I used to memorize all their favorite hiding spots as a youth and used to see them have as many as 7 or 8 vehicles lined up at once. I assume their license plate is written down or their drivers license is taken to ensure they don’t run.

            That is California where most people speed or at least push the speed limit. Different states have different driver personalities.

      1. Many of these penalties represent a regressive tax aimed at the masses to reduce the tax liability of the wealthier.

        Tax brackets stop progressing while still in the middle class.

        1. Most municipality laws have absolutely nothing to do with safety and instead exist simply as a means to get extra income.
          A good example is the red light cameras in Arizona when they stopped getting red light violations they turned them into speed cameras and of course they would go off on as little as 5mph over which is practically zero increased risk.
          Now going 50 mph in a school zone or residential street would create a safety hazard.

          1. In all fairness – Who the fuck drives 80 km/h (50 mph) in a residential area or school zone? Are you INSANE?

            The limits are 30 mph (50 kmh) in Denmark in residential zones and often 20 or 25 mph (30 or 40 kmh) in school zones. Sometimes even down to 10 mph in tight spaces.

            50 mph is road speed outside cities. I’m a pretty confident driver and I would never even attempt 50 mph inside any kind of residential area.. It might go well for quite some time, but you have zero tolerance for error when someone pops up.

  1. “Most police departments made a big switch from RADAR to LiDAR after consumers starting buying RADAR detectors.”???

    Citation needed… no pun intended.

    Not really. “They have ADDED lidar to their arsenal” would be a proper assessment.

    There are a few reasons why they haven’t replaced radar with lidar completely. One of them being that there is no such thing (so far) as “moving mode” lidar in traffic enforcement. Meaning that a patrol officer would have to remain stationary to catch speeders, and a lot of the time, that isn’t the most effective use of resources.

    So police continue using radar so they can continue to move while sampling traffic either with the radar constantly on, or toggling the RF hold switch. Hard to defeat with a radar detector if the cop is good at it and you don’t spend your money wisely on a decent radar detector.

    Lidar is good for singling out individual speeders in dense traffic, because it has a very narrow beam compared to radar. You would have a pretty decent argument in court if the cop was blasting a 20 foot wide beam of radar at 8 lanes of rush our traffic and issuing tickets at random. With lidar, you get about a 3 foot beam at range. Which makes it harder to blend in with the rest of traffic. Some of the even have a “tailgating mode” which will indicate unsafe distances between cars.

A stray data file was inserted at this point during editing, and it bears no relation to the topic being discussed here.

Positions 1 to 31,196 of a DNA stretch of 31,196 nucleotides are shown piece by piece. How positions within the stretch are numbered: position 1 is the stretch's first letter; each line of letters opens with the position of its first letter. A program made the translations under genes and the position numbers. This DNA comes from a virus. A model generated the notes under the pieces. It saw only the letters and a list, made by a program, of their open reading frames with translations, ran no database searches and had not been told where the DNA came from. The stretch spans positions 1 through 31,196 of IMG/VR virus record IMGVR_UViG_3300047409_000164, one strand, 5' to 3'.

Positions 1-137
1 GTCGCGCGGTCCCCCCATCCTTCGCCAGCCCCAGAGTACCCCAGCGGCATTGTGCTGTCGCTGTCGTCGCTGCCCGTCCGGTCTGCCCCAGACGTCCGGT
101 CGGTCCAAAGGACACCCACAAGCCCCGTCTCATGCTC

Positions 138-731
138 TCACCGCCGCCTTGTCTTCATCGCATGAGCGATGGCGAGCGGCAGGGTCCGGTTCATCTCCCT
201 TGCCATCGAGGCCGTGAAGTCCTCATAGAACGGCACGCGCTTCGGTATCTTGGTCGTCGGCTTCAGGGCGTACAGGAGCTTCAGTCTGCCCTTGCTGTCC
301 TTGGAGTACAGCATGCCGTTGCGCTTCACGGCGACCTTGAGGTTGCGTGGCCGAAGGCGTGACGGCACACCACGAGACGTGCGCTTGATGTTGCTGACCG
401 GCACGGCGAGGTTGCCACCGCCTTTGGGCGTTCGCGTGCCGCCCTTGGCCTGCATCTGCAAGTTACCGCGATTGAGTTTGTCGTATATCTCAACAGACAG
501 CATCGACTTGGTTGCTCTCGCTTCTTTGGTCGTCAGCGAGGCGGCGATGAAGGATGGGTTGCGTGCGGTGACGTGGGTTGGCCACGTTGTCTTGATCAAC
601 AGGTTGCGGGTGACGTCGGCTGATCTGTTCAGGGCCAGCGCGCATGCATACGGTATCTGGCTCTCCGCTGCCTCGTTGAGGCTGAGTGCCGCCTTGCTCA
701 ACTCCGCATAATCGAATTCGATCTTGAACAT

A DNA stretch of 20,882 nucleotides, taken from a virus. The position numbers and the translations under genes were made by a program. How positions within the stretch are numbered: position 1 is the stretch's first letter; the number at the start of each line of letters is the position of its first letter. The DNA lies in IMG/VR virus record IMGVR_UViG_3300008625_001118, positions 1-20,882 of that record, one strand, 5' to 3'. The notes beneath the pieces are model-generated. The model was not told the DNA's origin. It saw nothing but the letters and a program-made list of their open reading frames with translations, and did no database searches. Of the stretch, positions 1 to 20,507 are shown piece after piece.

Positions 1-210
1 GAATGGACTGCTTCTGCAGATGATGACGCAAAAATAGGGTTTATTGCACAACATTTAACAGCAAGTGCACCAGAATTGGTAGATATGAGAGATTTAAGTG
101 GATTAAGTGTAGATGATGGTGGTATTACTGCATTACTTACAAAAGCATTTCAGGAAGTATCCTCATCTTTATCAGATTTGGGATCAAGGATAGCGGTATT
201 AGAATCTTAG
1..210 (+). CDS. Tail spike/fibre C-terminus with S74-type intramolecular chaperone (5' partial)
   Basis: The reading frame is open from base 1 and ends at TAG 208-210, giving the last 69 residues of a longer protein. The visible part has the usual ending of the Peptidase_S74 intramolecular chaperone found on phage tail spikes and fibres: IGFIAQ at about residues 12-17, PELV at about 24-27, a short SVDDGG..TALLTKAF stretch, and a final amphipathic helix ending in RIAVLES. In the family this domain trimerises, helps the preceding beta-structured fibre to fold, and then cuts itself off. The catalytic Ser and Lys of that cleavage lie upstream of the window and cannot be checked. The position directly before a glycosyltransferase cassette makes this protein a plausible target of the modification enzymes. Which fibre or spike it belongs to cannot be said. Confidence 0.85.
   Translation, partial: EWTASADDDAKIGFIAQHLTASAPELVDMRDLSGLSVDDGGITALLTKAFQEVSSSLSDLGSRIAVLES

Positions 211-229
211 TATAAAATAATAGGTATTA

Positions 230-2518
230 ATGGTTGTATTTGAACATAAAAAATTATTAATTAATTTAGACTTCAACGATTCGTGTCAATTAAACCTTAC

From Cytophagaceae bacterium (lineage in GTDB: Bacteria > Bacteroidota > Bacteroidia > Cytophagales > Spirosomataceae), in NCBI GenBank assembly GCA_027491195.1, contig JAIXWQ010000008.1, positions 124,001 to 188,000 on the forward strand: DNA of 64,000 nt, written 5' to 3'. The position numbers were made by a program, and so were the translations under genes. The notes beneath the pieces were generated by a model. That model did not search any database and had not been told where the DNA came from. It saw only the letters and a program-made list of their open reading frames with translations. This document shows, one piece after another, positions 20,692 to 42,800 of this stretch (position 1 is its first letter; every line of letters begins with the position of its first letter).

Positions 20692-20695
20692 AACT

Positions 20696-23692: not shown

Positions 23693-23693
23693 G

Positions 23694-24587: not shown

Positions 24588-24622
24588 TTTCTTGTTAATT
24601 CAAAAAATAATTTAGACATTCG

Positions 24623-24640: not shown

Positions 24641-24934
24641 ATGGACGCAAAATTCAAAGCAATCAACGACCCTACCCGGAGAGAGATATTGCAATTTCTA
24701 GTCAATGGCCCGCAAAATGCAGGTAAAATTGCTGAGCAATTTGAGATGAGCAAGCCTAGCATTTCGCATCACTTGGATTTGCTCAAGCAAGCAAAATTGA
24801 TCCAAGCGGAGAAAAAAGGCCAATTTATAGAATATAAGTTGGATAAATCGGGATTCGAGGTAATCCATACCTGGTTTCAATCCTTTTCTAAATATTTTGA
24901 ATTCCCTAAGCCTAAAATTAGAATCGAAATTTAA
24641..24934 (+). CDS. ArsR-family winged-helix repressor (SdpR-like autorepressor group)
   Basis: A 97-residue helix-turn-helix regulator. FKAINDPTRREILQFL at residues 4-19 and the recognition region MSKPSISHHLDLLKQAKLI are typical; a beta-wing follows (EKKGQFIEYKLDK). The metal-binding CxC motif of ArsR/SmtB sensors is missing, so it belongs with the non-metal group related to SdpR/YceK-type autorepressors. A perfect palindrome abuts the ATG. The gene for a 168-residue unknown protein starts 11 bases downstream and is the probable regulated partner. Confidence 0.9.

But as far as being a “radar replacement” not happening any time soon.

    1. Oh, and I own two or three kustom pro-laser III’s and an ultra-lyte 20/20 LR. The pro lasers are built so much tougher than the ultra-lyte. It feels like a toy in comparison. and my ultra-lye has a survey mode for distance measurement. But they all three have a serial out port right on the unit, with selectable data protocols for feeding giant displays and laptops both. But I don’t see how it would be useful beyond traffic surveys. You still have to aim pretty tight with a lidar to get a reading, its more difficult to just aim it down the road and “spray and pray”, the reflectivity of cars varies wildly enough that car to car, you may have to adjust your aim a bit or the range at where you start getting a reading will vary. I think most people have this idea that lidar is just “point and click”, when really it’s more of an effort. Moving mode radar with “instant on” is the same way, you have to try it to get an appreciation for how much effort it takes. >:)

    2. Well, I take your point. They didn’t replace them. But my underlying intent was to point out that LiDAR guns have been around long enough to show up as surplus.

    1. Last time I made one, it was just an oscillator, a FET, and some IR LEDs. I don’t know what the magic frequency is, but I started with a circuit intended for CIR modulation (38kHz) and trimmed it ’til it tripped a friend’s detector.

  2. Since “jamming” is considered “illegal” in most parts of the world, and;

    (1) requires equipment mounted on your vehicle’s front and rear to be effective, plus the laser manufacturer will just keep writing new pulse code timings or maybe even scramble the timing altogether making it completely unpredictable.

    (2) No way to effectively absorb the laser, thus no way to effectively control laser reflection.

    (3) Lastly, any abnormal and/or lack of distance reading, will be perceived suspiciously by a human operator.

    THEN SOLUTION: Why not focus on finding a way to “FRY or RENDER” every activated LIDAR unit inoperable upon use on a motor vehicle, by none lethal means to the operator of course? Burn the IR receiver eye or port some how?

    This would be a two fold win! It would no only create an situation in which proof would be lacking to support allegations of traffic violations, as well as put costly units out of use, AND generate additional cost to repair or replace them. FINALLY making it too costly of a model to continue pursuing. Turn the ideology back around and redirect the financial deterrent measure to the poacher preying on defenseless drivers. Their actions in plainest terms can be defined as “CHEATING” because the odds are heavily stacked, if not completely rigged in the LIDAR operator’s favor. How can one consider this treatment “FAIR PLAY” when motorist are left with no choice but comply or pay dearly, and then still comply, or face financial exhaustion by all angles, including insurance lost.


    1. Your statement about fair play is confusing to me. “…when motorists are left with no choice but comply or pay dearly…” Isn’t the choice simply binary? Obey the traffic laws OR risk a costly penalty. Seems to me that question is something I’ve had to deal with all my adult life.

      Are you complaining that life isn’t fair?